Invest in Jacksonville Real Estate

If you have been thinking more seriously about investing in Jacksonville property lately, you are not alone. In Florida and around the country, people are gaining confidence in the economy and the housing market. A recent survey by Fannie Mae shows that although still cautious in taking on new financial responsibilities, many Americans view real estate as a wise investment.

Investing in Jacksonville residential real estate may be the ideal option for you if you are hesitant to trust stocks or other investments. Associates at Traditions Realty are here to be your partners in everything having to do with Jacksonville real estate. Whether you are considering investing in Jacksonville property, looking to put your new investment up for rent or seeking homes to rent in Jacksonville, get in touch with Traditions to make the process a pleasant one.  Read more below.

Housing survey: Uptick in consumer attitudes
WASHINGTON – May 11, 2011 – Fannie Mae’s latest national housing survey finds that Americans expressed more cautious optimism during the first quarter of 2011 than in the fourth quarter of 2010, but they continue to lack confidence in the overall strength of the housing market and economic recovery.

The First Quarter 2011 Fannie Mae National Housing Survey polled homeowners and renters between January 2011 and March 2011. Findings were compared to similar surveys conducted throughout 2010 and December 2003.

The survey found that Americans’ newfound optimism about home prices, the economy and personal finances is balanced by concerns about rising household expenses.

Despite consumer caution, however, 57 percent of Americans still believe that buying a home has a lot of potential as an investment, and rank homeownership higher than other investments, such as buying stocks and putting money into an IRA or 401(k) plan.

“Uncertainty regarding the improving labor market, expectations of little home price and interest rate movement, and rising household expenses has left consumers feeling less financially secure and translates into weak mortgage demand,” says Doug Duncan, vice president and chief economist of Fannie Mae. “While we have seen indications of improving economic activity in recent months – especially the strengthening of private sector employment – consumers’ attitudes improved only marginally, and in some areas not at all, from a year ago, reflecting the continued unevenness and uncertainty of this recovery.”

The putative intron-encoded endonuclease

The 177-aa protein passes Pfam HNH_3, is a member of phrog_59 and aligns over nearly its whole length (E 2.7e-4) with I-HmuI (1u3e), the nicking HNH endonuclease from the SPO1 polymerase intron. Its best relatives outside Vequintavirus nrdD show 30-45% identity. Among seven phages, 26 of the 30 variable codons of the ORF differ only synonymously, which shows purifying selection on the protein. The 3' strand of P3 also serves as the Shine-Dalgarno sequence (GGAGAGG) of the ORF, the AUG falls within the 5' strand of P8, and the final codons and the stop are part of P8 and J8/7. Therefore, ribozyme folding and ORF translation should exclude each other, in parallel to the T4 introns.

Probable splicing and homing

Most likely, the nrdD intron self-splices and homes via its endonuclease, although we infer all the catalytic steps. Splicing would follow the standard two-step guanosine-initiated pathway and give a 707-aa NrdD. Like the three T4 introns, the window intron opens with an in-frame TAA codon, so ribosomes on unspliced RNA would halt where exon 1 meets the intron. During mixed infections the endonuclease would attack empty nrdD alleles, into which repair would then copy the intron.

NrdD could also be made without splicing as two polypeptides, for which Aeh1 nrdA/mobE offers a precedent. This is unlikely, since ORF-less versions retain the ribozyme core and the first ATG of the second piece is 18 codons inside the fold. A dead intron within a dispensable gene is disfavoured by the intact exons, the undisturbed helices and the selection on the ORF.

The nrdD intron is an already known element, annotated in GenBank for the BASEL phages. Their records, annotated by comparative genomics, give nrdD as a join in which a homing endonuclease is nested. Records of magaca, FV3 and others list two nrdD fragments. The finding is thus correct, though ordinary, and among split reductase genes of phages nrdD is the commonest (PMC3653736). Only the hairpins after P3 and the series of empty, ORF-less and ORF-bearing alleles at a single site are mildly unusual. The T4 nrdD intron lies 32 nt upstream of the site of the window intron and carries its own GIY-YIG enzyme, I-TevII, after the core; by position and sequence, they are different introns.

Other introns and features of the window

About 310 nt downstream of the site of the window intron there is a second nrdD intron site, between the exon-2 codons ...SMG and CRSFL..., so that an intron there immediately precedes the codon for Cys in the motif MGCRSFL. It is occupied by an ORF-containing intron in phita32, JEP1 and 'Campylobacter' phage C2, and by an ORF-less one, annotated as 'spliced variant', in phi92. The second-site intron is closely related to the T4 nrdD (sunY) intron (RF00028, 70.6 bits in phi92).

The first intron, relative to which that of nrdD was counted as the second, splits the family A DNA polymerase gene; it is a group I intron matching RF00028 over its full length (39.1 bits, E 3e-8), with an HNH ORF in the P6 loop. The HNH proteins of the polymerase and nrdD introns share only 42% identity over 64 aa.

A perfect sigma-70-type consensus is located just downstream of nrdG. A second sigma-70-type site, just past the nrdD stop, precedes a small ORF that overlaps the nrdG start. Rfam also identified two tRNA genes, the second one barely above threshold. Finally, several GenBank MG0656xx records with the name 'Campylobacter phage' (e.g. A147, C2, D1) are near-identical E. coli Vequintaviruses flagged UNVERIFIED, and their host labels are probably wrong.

Survey results

• 33% of Americans believe the economy is on the right track, up four percentage points from the fourth quarter of 2010 but virtually unchanged from January 2010 (31%).

• 42% of respondents expect their personal finances to improve over the next year (up by 2 percentage points from the fourth quarter of 2010), compared with 44% in January 2010.

• 40% say that current monthly household expenses are significantly higher than twelve months ago, up from 34% in the previous quarter and 31% in January 2010.

• While the number of Americans who perceive homeownership as a safe investment has been declining (from 83% in 2003 to 66% in first quarter of 2011), 57% still believe that buying a home has a lot of potential as an investment.

• Nearly twice as many underwater borrowers (27%) think it’s okay to walk away from a mortgage if they face financial distress than in January 2010.

• 44% of homeowners believe that the value of their home today is worth 20% or more than what they originally paid for it, declining from 46% in June 2010 and 51% in January 2010.

• 30% expect home prices to strengthen over the next year, up four percentage points from the fourth quarter of 2010 but virtually unchanged from a year ago.

• 59% of Generation Y Americans (ages 18-34) expect their personal financial situation to improve over the next year, compared to 49% among Generation X (ages 35-44) and 37% among baby boomers (ages 45-64).

• Fewer African-Americans think the economy is on the right track (44% in the first quarter of 2011 versus 51% in the previous quarter), and they are less optimistic about their personal finances (61% expect their finances to get better over the next year compared to 67% in the fourth quarter of 2010).

• Only 13% of adults age 65-plus think it will be easier for the next generation to purchase a home than it was for them, compared with 28% of Generation Y Americans.

• Nearly one in four (23%) mortgage borrowers say they are underwater, compared with 30% in January 2010.

• Only 31% of underwater borrowers think they have sufficient savings (compared to 42% in June 2010, and 43% of all mortgage borrowers).

• 46% of underwater borrowers say they are stressed about their ability to make payments on their debt (versus 35% in June 2010, and 33% of all mortgage borrowers).

© 2011 Florida Realtors®